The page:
Regardless of your trade in the construction industry, allowable tax deductions can lower your tax liability and possibly lead to getting a tax refund. You can deduct common expenses such as tools and materials, and even certain other items that come in handy in your business or on the job.
- If you’re an employee of a construction company, you cannot deduct unreimbursed expenses unless they occurred prior to the tax year 2018. If you’re an independent contractor, you can deduct work-related expenses that are ordinary and necessary.
- The cost of work-related travel—driving to and from work sites, client meetings, and picking up tools and materials—typically is one of your largest deductions.
- You can also deduct the cost of tools and equipment, work clothing and gear, advertising and marketing expenses, subcontractor or employee salaries, phone and internet costs, membership and license fees, subscriptions, and other expenses.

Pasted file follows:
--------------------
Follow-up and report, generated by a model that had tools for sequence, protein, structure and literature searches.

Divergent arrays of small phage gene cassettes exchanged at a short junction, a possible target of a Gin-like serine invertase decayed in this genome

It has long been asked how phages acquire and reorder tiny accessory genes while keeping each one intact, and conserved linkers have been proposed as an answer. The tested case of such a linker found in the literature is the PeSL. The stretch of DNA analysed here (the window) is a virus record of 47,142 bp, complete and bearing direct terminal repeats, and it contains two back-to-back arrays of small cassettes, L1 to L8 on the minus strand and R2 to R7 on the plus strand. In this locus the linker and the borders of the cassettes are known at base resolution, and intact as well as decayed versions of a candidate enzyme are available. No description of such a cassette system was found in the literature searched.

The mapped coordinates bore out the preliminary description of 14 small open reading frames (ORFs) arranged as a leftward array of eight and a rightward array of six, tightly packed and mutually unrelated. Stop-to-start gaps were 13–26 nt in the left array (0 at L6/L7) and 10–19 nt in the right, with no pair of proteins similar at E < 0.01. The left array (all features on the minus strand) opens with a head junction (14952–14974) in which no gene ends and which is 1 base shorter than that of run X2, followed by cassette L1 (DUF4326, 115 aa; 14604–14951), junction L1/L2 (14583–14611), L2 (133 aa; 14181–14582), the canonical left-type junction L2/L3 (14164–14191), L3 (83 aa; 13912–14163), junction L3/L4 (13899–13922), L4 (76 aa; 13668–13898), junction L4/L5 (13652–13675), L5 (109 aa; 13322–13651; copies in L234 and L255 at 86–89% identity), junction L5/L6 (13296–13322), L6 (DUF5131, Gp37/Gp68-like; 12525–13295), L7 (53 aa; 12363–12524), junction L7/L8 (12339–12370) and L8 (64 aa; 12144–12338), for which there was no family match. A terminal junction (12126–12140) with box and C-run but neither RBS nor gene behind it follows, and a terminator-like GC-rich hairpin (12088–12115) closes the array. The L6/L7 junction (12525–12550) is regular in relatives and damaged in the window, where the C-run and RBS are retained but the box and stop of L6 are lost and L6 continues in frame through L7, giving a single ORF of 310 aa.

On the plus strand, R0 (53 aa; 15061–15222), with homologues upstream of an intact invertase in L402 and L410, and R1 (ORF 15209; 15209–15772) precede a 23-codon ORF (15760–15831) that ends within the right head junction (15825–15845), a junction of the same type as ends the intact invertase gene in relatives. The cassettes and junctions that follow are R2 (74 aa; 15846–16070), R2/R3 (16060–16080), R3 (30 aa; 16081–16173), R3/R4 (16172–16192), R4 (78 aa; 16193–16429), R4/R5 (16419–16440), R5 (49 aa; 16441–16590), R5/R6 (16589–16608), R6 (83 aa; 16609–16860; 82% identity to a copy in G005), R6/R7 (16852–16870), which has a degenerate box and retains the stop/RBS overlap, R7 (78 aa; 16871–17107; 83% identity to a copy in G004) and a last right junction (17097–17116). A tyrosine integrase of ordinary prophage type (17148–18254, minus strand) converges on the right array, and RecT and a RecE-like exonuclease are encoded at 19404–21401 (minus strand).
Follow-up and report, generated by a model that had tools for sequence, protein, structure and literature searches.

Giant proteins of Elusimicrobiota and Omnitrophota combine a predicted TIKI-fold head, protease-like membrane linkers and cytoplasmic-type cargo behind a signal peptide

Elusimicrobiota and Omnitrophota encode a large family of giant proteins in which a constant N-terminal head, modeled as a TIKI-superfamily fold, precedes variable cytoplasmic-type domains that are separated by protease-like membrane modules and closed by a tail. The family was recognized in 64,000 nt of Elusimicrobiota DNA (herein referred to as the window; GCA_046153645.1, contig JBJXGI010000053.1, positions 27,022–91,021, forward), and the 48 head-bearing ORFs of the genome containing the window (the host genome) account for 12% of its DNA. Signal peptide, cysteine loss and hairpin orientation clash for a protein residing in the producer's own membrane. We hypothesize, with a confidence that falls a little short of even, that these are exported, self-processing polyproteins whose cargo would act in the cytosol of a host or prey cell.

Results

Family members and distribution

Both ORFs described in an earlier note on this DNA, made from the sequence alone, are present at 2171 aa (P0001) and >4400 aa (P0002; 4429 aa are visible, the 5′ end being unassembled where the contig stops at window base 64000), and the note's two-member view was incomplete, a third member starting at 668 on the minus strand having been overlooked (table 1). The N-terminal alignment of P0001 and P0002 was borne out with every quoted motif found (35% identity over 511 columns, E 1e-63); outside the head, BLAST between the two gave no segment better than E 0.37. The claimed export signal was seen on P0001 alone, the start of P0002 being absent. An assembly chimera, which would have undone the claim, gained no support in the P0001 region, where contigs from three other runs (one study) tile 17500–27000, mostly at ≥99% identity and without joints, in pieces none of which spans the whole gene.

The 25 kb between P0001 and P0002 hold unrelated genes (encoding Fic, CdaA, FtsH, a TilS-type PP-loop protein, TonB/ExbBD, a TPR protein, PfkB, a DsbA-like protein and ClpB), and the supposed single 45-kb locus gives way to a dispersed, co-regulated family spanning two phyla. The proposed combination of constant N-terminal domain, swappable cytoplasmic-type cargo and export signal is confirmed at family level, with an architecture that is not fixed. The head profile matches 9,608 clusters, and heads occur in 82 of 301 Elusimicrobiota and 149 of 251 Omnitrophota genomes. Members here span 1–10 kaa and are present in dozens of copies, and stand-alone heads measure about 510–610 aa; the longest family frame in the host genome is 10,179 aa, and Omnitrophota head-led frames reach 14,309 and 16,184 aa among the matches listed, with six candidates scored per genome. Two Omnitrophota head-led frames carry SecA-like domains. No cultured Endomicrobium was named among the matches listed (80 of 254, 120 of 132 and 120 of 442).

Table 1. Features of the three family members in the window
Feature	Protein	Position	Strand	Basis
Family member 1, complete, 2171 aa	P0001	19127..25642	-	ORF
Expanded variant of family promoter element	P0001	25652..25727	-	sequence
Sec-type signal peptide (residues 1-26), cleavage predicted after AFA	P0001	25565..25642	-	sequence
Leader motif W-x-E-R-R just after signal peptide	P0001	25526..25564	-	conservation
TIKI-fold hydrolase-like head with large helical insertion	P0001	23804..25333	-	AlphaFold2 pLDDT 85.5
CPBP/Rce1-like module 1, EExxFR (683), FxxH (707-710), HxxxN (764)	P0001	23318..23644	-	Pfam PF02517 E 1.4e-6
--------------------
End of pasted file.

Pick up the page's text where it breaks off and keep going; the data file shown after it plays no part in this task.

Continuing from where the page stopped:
- Equipment that you use for multiple years usually must be depreciated over its useful lives, meaning that you claim a portion of them on your taxes over a period of years.
Who Can Take Deductions?
If you’re an employee for a construction company, rather than an independent contractor, and your employer doesn’t reimburse you for expenses on the job, you can usually deduct them for tax years prior to 2018. Beginning in 2018, unreimbursed employee expenses are no longer deductible. Independent contractors generally have no limit on the ability to deduct work-related expenses as long as they are ordinary and necessary for your line of work.
Learn more about tax deductions you can take if you work in the construction industry, including:
- Tools of the trade
- Steel-toed boots
If you have questions about what your contractors, or you, can deduct, give us a call.